My guidance on international markets remains unchanged. Emerging Markets are preferred over developed ones; however, the relative strength advantage of emerging markets is narrowing making most international investments good for now.

The weak US dollar has certainly caused commodities to increase. Gold is holding strong at record levels and remains firmly positive on a relative strength basis. I would be cautious about entering into new positions here, but would retain existing positions. There may be an opportunity to purchase gold on a pull back. Oil and oil service stocks are showing strong technical moves and are attractive.

Bonds continue to rally and are very expensive right now. Looking at my broad asset categories, bonds have fallen below commodities and rank only above currencies at the present time. However, many bonds continue to provide a solid investment in portfolios and I am not looking to reduce positions for now. Investment grade corporates, preferred, emerging markets, high-yield, and intermediate-term treasuries have the best relative strength in my opinion.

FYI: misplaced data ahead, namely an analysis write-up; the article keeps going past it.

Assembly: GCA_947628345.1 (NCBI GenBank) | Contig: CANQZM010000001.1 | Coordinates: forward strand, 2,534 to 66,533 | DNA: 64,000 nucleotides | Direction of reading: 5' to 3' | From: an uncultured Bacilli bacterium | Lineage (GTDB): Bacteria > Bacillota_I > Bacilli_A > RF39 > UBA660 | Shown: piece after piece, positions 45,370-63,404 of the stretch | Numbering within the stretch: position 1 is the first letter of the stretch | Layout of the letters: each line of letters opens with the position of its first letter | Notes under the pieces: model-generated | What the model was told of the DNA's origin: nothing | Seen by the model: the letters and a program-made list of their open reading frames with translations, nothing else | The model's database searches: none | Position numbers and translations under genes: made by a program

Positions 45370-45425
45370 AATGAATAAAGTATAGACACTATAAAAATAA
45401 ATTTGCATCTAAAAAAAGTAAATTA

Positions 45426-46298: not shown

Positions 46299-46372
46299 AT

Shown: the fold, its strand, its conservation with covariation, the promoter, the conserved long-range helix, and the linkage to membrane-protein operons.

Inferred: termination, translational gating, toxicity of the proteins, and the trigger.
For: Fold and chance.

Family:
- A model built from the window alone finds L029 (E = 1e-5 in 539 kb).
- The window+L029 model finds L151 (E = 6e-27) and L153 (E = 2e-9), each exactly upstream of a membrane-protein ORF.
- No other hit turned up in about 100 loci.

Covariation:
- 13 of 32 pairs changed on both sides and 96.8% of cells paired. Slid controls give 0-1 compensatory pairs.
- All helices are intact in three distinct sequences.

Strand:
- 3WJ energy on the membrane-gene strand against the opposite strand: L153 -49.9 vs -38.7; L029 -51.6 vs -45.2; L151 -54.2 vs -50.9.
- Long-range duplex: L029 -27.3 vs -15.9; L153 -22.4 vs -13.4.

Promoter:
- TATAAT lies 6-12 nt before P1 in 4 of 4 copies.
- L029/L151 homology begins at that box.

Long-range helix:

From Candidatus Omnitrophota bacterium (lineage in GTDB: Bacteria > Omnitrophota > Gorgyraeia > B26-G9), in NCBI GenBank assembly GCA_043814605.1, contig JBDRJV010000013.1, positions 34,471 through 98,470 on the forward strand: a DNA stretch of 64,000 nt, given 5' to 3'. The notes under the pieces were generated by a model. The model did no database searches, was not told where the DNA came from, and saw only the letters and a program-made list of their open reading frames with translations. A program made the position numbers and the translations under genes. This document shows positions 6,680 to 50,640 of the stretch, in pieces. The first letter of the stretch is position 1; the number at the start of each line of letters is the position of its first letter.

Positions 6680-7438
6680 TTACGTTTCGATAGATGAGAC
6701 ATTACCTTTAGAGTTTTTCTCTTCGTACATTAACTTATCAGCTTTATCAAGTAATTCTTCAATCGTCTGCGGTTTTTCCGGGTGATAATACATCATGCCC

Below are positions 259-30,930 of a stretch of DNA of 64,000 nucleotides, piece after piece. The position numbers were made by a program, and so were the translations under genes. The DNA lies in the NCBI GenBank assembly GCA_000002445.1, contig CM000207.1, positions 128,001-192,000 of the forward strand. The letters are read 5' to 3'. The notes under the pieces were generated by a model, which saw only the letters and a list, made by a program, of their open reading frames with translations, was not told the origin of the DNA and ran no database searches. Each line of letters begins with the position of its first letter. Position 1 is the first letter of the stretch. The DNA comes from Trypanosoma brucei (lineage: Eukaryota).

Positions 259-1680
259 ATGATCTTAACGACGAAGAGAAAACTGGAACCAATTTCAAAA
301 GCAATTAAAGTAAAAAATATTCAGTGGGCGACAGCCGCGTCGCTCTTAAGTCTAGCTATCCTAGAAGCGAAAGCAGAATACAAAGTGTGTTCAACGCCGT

Corporate bonds contain elements of both interest rate risk and credit risk. Treasury bills are guaranteed by the U.S. government as to the timely payment of principal and interest, and if held to maturity, offer a fixed rate of return and fixed principal value. U.S. Treasury bills do not eliminate market risk. The purchase of bonds is subject to availability and market conditions. There is an inverse relationship between the price of bonds and the yield: when price goes up, yield goes down, and vice versa. Market risk is a consideration if sold or redeemed prior to maturity. Some bonds have call features that may affect income.

As always, if you have any specific questions on your portfolio or wish to talk to me, please do not hesitate to call.

P.S. If you think this type of analysis would be of benefit to anyone you know, please share this communication with them.


Paul Merritt, MBA, AIF(R). CRPC(R) Principal NTrust Wealth Management

Past performance is not indicative of future results and there is no assurance that any forecasts mentioned in this report will be obtained. Technical analysis is just one form of analysis. You may also want to consider quantitative and fundamental analysis before making any investment decisions.